2. David Woods says:

    I would venture to say that when most non-Catholics view a crucifix, their first thought is that of Catholicism, not that of Christ’s suffering or sacrifice. The crucifix has become a symbol of Catholicism, and Catholicism is a false religion for obvious reasons (that’s a whole other post).

    When one views a crucifix, their spirit is “checked” (at least mine is), and the feeling that follows is one of foreboding, the same as when one views a masonic square and compass, or a picture of Joseph Smith’s golden plates. It’s a symbol of a false religion, and is quickly recognized as such by everyone outside that religion (and, I suspect, plenty on the inside).

    It’s the spirit behind it that’s wrong. It’s this lack of affirmation by the Holy Spirit that makes it wrong. It’s the fact that God Himself refuses to endorse it as a symbol of His love for us that tells us we shouldn’t be displaying it.
    Again, IMHO

  3. Laurie Norris says:

    What’s wrong with fish bumper stickers and WWJD teeshirts?

  4. Tom Schultz says:

    Your particular take in a predominantly RC country may well be different, like a former alcoholic being strongly in favor of total abstinence. To whip out an Old Covenant ‘graven image’ argument is to miss the New Covenant, where each servant is accountable to his own master (Jesus). To make it a law or rule is to go beyond Scripture in just the way we condemn in the pharisees.

    By the way, I saw a cartoon go by on the internet where a priest(?) ordered a crucifix from Ikea (?) and was shown holding a hammer and nails as he realized it came disassembled. It could fit with the song, “It was my sin that held him there…until it was accomplished.” Who can define the devotional value of objects?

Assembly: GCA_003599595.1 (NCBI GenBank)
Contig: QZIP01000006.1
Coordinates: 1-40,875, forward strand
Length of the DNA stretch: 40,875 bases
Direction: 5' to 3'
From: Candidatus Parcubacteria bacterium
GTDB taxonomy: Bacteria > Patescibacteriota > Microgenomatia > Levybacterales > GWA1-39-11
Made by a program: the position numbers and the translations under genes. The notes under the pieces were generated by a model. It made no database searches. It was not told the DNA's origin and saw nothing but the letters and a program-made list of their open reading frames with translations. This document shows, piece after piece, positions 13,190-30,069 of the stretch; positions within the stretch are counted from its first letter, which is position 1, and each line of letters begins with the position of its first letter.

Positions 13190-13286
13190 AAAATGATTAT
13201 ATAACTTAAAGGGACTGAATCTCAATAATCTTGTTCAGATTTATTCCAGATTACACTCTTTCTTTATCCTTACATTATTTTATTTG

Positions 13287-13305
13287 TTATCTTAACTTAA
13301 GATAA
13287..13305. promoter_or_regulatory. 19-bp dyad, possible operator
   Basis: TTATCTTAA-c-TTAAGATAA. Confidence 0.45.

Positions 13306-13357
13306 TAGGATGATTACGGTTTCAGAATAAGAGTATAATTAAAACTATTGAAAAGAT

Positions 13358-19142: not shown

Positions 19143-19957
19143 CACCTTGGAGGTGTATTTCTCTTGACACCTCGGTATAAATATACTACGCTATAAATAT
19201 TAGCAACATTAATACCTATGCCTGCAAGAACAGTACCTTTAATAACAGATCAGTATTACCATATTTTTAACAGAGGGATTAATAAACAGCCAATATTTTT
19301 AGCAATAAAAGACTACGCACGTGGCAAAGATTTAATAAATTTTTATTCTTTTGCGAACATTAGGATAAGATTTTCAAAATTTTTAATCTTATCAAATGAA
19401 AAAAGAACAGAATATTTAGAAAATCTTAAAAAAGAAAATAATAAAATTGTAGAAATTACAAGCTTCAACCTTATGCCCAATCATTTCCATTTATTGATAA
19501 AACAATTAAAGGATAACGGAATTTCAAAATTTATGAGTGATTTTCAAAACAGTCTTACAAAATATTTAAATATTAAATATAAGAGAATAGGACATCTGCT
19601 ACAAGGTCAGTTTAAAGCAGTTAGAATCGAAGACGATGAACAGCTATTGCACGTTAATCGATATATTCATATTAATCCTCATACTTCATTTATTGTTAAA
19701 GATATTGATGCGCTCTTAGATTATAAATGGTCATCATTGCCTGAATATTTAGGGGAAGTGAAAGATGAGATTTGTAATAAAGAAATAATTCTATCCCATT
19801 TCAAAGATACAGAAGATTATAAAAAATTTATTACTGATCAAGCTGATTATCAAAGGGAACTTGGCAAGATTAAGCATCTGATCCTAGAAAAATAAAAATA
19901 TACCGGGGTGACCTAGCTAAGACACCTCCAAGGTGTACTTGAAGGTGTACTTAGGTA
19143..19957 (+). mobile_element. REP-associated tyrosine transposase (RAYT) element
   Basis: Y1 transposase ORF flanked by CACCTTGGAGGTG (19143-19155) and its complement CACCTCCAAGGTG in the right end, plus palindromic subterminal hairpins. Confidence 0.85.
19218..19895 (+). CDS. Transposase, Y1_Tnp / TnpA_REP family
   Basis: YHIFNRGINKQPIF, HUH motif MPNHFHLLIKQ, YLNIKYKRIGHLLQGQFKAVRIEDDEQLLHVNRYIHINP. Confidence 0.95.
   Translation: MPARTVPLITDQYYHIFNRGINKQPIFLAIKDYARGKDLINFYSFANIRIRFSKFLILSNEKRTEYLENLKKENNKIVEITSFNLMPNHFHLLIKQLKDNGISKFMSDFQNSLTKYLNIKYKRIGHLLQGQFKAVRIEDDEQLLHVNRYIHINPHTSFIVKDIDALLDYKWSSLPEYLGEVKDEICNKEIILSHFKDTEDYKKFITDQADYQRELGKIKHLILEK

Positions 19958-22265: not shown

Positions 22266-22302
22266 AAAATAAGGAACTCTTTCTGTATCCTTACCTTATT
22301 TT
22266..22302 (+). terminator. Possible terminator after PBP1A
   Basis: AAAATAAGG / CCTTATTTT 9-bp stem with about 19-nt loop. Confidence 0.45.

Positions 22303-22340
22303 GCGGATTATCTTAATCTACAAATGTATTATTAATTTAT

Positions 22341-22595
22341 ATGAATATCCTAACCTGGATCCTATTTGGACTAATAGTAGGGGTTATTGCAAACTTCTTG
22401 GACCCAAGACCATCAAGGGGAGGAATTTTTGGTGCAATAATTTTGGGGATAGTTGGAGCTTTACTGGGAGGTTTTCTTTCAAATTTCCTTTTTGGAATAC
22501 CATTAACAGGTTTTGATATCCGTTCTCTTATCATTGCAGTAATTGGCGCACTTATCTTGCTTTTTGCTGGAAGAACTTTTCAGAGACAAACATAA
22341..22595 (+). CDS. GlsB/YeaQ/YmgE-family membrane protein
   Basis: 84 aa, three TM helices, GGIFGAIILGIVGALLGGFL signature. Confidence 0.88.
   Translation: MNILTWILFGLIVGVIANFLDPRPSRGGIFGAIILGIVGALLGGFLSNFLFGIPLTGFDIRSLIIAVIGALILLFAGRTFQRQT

5. Laurie Norris says:

    I’m encouraged that only one person took this post as an opportunity to take a pot shot at Catholics

  6. Katie Mather says:

    An object that reminds is one thing, But when an object becomes woshiped it is a replacement for the real thing. Catholics are big at worshiping objects, but so are evangelicals. The Bible is a book of paper that contains the written Word of God. But when we worship the book it is an idol. I had a woman once gasp in horror that I had placed a can of soda on top of my Bible. She scolded me for not treating the book like it was a holy object. That is superstition. Many items, crosses, statues, Bibles we use in a superstitious manner. It is idolatry.

    • Jan says:

      “The Bible is a book of paper that contains the written Word of God…”!? Nope, that is not true… Even that is superstition my dear friend. Your identifying idols and idolatry in the actions of others are spot on. You are also right in identifying the Bible as a (mere) book of paper. But your suggestion that the Bible ‘contains’ the written Word of God (capitalization and all) is a lie that was born in hell. Your reference to the Bible as the WRITTEN Word, seems to suggest that you are well aware that Jesus is the Word of God (as per John 1), but that somehow the Bible fulfills a role that Jesus can’t? That, dear Katie, is an EVIL thought – repent of it (i.e., change your mind bout it).